UK regulator backs Piers Morgan after complaints over Meghan Markle suicide comments, supporting ‘freedom of expression’

British media regulator Ofcom has ruled that TV personality Piers Morgan did not breach its broadcasting code when he accused Meghan Markle of lying about suicidal thoughts, prompting a record number of complaints.

On Wednesday, Ofcom declared that while Piers Morgan’s disregard for Meghan Markle’s mental health and wellbeing was concerning, he should not be censored for saying he did not believe the Duchess of Sussex.

Ofcom ruled that the remarks did not break the broadcasting code. “Our decision is that overall the programme contained sufficient challenge to provide adequate protection and context to its viewers,” the regulator stated, noting the objections presented to Morgan by his colleagues on air.

The regulator said that its code allows for strongly held and robustly argued views to be aired, even if they are deemed “harmful or highly offensive.”

“The restriction of such views would, in our view, be an unwarranted and chilling restriction on freedom of expression both of the broadcaster and the audience,” it said.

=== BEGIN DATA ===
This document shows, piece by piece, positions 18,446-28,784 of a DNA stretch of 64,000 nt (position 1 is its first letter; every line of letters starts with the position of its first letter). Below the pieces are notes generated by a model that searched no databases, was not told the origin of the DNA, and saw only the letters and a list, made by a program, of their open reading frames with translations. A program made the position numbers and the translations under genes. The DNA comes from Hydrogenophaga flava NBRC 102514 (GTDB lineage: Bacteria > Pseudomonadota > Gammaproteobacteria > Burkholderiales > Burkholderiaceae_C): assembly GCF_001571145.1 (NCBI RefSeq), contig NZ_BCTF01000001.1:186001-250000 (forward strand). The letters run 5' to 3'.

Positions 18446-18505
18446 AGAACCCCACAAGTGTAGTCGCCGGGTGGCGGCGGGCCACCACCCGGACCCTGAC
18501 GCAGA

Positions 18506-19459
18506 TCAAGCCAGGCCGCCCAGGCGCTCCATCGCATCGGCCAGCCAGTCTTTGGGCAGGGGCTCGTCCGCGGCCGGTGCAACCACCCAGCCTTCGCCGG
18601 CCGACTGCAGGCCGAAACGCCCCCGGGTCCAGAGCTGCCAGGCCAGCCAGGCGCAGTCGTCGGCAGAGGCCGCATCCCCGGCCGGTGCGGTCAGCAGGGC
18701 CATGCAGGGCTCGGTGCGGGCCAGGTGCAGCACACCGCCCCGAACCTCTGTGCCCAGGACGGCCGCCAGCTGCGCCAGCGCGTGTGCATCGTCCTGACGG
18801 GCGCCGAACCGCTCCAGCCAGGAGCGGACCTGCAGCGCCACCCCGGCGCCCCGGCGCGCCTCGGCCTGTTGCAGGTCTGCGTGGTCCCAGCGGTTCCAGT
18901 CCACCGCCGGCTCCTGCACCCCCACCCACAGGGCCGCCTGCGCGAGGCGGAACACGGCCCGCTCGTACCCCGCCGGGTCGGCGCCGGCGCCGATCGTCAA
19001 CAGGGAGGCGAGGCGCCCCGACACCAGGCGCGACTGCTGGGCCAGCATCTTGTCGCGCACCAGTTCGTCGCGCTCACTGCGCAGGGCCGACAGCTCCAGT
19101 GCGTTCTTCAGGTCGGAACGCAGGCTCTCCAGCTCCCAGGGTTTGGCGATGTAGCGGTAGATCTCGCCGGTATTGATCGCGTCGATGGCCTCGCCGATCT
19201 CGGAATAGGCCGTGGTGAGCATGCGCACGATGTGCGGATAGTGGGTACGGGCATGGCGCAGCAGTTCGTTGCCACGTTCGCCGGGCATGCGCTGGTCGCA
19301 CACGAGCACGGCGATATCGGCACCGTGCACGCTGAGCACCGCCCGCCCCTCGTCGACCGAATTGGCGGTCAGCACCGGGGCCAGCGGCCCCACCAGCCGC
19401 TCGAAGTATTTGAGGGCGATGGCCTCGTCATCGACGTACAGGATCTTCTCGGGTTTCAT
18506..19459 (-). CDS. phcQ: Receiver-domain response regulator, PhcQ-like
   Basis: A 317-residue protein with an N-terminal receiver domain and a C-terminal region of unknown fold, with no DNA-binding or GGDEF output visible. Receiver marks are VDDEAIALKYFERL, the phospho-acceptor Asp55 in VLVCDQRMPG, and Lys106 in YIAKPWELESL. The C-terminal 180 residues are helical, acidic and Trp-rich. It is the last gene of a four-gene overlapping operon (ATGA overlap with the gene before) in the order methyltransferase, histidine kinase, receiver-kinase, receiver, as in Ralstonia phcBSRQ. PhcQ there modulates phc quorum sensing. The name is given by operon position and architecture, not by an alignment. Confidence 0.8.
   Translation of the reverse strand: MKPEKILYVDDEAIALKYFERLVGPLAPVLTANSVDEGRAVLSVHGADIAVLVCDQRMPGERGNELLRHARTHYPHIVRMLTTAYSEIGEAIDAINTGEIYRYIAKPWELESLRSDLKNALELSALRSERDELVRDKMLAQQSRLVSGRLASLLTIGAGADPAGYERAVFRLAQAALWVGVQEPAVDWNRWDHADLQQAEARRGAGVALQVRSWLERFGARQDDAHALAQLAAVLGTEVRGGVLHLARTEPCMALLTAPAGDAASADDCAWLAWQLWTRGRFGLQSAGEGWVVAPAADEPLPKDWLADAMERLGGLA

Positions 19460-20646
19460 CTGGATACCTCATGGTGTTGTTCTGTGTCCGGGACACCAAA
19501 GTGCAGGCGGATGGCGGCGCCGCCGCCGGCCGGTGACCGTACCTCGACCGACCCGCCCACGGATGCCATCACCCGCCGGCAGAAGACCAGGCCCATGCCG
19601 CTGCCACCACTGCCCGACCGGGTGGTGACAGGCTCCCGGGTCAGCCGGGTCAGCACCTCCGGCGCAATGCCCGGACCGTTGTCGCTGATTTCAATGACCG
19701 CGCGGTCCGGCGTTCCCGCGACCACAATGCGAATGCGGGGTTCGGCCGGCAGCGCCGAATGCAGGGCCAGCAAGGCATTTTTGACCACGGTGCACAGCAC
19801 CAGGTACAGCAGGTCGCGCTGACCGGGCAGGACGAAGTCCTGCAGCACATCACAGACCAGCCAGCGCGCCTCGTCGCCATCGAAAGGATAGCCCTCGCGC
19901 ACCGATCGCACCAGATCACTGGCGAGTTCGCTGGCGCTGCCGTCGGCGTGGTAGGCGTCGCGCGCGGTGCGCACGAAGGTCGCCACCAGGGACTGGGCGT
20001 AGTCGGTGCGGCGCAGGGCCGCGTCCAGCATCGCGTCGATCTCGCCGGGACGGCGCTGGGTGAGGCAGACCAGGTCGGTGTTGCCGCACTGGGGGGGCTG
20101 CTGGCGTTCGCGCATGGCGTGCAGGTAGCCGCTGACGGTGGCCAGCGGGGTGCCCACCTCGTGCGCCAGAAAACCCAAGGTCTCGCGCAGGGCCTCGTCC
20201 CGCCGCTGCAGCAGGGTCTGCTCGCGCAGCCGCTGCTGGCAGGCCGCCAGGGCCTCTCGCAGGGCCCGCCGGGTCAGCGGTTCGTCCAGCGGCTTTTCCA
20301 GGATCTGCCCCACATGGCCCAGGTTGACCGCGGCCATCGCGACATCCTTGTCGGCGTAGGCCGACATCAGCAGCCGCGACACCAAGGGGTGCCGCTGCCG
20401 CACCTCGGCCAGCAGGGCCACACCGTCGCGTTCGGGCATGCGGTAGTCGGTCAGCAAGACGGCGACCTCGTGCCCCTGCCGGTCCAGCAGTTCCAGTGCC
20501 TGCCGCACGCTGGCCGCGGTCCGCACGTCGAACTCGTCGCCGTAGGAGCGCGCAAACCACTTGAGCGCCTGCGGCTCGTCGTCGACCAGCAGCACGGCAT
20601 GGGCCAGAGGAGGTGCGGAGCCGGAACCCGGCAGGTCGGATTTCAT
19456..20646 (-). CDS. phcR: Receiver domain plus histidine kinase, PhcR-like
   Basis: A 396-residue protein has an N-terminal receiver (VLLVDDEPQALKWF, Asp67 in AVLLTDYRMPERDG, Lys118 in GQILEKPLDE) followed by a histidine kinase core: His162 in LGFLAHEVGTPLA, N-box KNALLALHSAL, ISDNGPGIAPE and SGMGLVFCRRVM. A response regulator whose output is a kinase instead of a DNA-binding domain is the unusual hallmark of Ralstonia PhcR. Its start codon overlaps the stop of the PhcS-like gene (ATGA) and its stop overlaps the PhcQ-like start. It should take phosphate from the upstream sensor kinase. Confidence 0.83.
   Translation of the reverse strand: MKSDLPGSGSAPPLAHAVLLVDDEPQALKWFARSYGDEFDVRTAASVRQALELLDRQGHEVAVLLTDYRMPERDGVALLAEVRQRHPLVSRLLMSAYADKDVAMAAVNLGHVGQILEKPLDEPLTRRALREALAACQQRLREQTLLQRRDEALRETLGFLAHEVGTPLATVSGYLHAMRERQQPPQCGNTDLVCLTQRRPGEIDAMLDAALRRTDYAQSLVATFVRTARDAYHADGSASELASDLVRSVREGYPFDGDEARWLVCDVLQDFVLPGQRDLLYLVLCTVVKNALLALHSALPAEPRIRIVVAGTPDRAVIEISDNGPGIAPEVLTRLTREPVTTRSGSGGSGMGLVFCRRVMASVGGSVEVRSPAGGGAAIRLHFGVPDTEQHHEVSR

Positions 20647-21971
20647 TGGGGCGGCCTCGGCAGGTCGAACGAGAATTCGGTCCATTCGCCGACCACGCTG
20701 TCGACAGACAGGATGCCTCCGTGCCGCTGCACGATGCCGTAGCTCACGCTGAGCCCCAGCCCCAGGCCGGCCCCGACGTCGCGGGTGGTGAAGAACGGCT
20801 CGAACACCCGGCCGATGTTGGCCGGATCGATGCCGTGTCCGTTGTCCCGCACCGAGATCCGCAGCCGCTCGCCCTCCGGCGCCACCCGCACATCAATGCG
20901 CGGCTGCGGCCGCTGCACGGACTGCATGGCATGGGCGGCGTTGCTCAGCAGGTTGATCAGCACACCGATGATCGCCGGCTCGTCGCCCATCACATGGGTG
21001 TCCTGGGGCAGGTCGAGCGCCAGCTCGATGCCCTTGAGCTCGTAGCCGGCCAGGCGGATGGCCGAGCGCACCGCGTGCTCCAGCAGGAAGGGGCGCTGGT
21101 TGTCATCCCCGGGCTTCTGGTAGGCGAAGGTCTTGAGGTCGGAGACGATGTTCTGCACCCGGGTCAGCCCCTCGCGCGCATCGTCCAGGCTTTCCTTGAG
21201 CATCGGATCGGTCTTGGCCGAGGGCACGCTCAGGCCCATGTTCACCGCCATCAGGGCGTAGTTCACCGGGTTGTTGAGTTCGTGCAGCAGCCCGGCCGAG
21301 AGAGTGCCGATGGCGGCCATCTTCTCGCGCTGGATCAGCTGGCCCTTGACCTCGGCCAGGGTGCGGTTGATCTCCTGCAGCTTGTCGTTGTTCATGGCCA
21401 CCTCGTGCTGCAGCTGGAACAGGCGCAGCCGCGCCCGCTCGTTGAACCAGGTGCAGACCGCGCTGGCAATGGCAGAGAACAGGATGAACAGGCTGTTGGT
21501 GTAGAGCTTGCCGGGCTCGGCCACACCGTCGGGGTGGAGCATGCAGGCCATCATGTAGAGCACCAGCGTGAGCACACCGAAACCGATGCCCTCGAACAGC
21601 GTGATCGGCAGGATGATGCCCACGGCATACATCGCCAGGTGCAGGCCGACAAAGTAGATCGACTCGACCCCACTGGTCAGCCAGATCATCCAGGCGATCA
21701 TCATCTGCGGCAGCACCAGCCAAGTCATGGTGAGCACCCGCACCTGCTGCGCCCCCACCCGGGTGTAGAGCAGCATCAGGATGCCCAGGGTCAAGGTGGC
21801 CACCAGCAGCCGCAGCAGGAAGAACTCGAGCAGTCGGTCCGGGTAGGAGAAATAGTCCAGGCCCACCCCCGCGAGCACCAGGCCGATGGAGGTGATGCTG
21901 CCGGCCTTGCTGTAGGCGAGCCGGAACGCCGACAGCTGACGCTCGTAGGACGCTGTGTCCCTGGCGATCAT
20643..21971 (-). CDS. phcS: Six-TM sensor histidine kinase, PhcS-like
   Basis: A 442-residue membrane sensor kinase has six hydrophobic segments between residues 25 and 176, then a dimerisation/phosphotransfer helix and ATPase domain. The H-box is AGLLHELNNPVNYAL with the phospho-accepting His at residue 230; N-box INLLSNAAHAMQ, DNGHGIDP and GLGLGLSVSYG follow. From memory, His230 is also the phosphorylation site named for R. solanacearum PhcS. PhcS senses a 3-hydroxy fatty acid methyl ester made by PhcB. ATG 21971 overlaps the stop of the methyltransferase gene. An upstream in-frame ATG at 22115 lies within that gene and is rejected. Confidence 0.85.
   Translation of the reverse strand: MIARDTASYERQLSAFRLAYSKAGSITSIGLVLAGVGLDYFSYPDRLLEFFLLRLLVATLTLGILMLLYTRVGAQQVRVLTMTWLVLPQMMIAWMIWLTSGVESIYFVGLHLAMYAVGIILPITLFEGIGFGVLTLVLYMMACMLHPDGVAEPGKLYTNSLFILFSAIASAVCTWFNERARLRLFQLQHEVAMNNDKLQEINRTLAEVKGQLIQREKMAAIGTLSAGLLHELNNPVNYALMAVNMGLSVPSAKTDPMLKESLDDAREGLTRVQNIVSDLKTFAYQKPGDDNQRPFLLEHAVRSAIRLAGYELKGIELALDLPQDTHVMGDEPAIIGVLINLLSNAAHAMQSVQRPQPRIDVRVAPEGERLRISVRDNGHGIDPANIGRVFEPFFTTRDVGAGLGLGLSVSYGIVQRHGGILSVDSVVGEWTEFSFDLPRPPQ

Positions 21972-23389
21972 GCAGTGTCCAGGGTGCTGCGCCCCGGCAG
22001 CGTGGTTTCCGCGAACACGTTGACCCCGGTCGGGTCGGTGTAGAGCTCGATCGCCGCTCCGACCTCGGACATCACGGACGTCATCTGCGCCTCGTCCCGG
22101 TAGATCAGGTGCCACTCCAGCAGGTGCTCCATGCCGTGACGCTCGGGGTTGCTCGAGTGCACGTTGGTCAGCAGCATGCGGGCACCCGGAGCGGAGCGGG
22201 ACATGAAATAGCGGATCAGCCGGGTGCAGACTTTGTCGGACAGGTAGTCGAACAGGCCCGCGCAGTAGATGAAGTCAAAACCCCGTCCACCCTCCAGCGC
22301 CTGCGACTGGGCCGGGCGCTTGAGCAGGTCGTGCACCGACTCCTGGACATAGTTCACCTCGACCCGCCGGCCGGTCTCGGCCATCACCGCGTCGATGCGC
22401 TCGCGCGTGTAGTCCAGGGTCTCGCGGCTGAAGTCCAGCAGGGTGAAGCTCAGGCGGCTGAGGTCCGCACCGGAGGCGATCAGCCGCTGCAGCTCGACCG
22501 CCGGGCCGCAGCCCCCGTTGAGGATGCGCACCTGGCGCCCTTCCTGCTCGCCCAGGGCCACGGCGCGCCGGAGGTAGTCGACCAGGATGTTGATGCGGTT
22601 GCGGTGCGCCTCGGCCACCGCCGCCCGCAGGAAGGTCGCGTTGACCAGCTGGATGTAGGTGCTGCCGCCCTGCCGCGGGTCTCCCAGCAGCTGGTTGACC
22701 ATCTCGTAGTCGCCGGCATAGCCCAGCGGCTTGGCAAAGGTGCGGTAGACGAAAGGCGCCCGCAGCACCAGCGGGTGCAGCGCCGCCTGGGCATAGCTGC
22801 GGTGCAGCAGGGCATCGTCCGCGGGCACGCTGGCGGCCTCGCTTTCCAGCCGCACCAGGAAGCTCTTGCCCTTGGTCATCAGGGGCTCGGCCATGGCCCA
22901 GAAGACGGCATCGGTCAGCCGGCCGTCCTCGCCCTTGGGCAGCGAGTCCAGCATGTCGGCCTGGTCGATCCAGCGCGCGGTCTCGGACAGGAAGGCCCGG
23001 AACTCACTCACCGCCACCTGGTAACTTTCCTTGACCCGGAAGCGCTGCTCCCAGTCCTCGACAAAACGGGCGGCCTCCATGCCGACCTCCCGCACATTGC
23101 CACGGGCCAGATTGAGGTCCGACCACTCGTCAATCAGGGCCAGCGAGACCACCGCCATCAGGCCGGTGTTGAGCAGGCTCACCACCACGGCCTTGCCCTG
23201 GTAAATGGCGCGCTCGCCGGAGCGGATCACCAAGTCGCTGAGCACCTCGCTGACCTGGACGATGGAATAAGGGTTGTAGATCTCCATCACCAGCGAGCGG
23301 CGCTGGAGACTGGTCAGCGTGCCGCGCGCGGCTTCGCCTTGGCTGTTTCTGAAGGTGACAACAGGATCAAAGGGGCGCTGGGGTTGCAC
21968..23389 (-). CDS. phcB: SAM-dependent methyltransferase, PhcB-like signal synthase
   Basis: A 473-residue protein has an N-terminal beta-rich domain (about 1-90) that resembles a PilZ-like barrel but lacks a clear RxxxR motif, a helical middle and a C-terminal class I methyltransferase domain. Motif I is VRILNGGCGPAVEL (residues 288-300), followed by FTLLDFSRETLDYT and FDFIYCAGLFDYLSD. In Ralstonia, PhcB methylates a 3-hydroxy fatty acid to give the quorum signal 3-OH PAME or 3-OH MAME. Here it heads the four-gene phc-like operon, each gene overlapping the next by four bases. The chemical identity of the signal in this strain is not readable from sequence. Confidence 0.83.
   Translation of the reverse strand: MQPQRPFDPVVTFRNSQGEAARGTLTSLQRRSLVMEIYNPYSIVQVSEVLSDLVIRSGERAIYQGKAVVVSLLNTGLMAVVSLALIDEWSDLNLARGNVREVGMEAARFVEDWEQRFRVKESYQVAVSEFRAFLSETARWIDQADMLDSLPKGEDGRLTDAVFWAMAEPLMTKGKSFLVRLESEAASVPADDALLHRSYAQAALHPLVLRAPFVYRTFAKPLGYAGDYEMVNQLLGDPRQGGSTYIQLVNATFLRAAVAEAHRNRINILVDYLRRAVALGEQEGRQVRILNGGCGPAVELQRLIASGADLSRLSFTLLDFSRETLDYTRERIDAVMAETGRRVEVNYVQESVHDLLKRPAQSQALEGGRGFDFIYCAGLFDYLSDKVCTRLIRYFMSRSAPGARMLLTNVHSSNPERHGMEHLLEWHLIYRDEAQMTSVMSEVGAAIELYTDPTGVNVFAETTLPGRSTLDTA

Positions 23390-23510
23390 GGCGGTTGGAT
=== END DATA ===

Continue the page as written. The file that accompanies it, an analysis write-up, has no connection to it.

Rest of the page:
Morgan took to Twitter to share his “delight” following what he termed Ofcom’s “endorsement.” “This is a resounding victory for free speech and a resounding defeat for Princess Pinocchios. Do I get my job back?” he wrote.

Ofcom’s verdict came after Morgan criticized Markle on ITV's ‘Good Morning Britain’ in March, after she told Oprah Winfrey in an interview that she had felt suicidal while living as a British royal.

The day after the interview was aired, the British presenter claimed he did not “believe a word she said,” adding that he “wouldn't believe it if she read me a weather report.”

He also hit out at her general criticisms of the royals: “The fact that she's fired up this onslaught against our royal family, I think, is contemptible.”

The remarks generated a huge backlash, with more than 50,000 complaints registered with the regulator. Morgan also left his role at the broadcaster following the incident.